Please use this identifier to cite or link to this item: http://hdl.handle.net/1893/28128
Appears in Collections:Faculty of Health Sciences and Sport Journal Articles
Peer Review Status: Refereed
Title: Access to primary mental health care for hard-to-reach groups: from 'silent suffering' to 'making it work'
Author(s): Kovandzic, Marija
Chew-Graham, Carolyn
Reeve, Joanne
Edwards, Suzanne
Peters, Sarah
Edge, Dawn
Aseem, Saadia
Gask, Linda
Dowrick, Christopher
Contact Email: marija.kovandzic@stir.ac.uk
Keywords: Mental health
Hard-to-reach groups
Access
Primary care
UK
Issue Date: 31-Mar-2011
Citation: Kovandzic M, Chew-Graham C, Reeve J, Edwards S, Peters S, Edge D, Aseem S, Gask L & Dowrick C (2011) Access to primary mental health care for hard-to-reach groups: from 'silent suffering' to 'making it work'. Social Science and Medicine, 72 (5), pp. 763-772. https://doi.org/10.1016/j.socscimed.2010.11.027.
Abstract: Equitable access to primary care for people with common mental health problems in the UK remains problematic. The experiences of people from hard-to-reach groups offer important insights into barriers to accessing care. In this study, we report on secondary analysis of qualitative data generated within seven previously-reported studies. Thirty-three of ninety-two available transcripts were re-analysed using a new heuristic of access, generated to frame narrative-based comparative case analysis. The remaining transcripts were used to triangulate the findings via a process of collaborative analysis between a secondary researcher, naïve to research findings of the original studies, and primary researchers involved in data generation and analysis within the original studies. This method provided a rich body of 'fine grain' insights into the ways in which problem formulation, help-seeking, use of services and perceptions of service quality are interlinked in a recursive and socially embedded matrix of inequitable access to primary mental health care. The findings indicate both extensive commonalities between experiences of people from different 'hard-to-reach groups', and considerable diversity within each group. An idiographic generalisation and aggregation of this variety of experiences points to one main common facilitator (communicated availability of acceptable mental health services) and two main common barriers (lack of effective information and multiple forms of stigma) to equitable access to primary mental health care. We conclude that there is a need to provide local care that is pluralistic, adaptive, holistic, resonant and socially conscious in order to ensure that equitable access to mental health services can become a reality.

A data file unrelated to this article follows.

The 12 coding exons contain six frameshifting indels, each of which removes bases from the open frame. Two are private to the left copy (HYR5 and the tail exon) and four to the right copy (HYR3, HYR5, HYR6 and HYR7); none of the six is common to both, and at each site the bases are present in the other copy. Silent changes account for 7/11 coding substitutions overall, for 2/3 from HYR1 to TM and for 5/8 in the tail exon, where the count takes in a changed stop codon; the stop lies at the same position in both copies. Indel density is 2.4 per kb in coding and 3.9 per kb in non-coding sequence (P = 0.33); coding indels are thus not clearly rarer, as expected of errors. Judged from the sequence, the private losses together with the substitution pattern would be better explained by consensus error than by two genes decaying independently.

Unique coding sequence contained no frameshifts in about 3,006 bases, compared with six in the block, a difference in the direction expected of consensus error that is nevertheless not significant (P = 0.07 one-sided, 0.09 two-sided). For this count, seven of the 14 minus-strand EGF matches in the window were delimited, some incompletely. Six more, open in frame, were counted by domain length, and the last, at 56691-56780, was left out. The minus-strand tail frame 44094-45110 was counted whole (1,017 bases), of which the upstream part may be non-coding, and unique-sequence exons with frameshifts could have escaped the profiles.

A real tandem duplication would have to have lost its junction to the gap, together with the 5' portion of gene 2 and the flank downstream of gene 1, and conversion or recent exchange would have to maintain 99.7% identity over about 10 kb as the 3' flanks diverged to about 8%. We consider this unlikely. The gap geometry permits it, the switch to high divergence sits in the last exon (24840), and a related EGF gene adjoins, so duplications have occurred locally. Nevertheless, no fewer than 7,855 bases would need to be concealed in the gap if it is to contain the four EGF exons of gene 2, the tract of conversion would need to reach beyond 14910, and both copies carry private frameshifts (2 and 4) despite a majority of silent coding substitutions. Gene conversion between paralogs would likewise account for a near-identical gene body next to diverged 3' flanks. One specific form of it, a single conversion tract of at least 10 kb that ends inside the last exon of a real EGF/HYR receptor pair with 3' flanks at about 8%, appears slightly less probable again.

DOI Link: 10.1016/j.socscimed.2010.11.027
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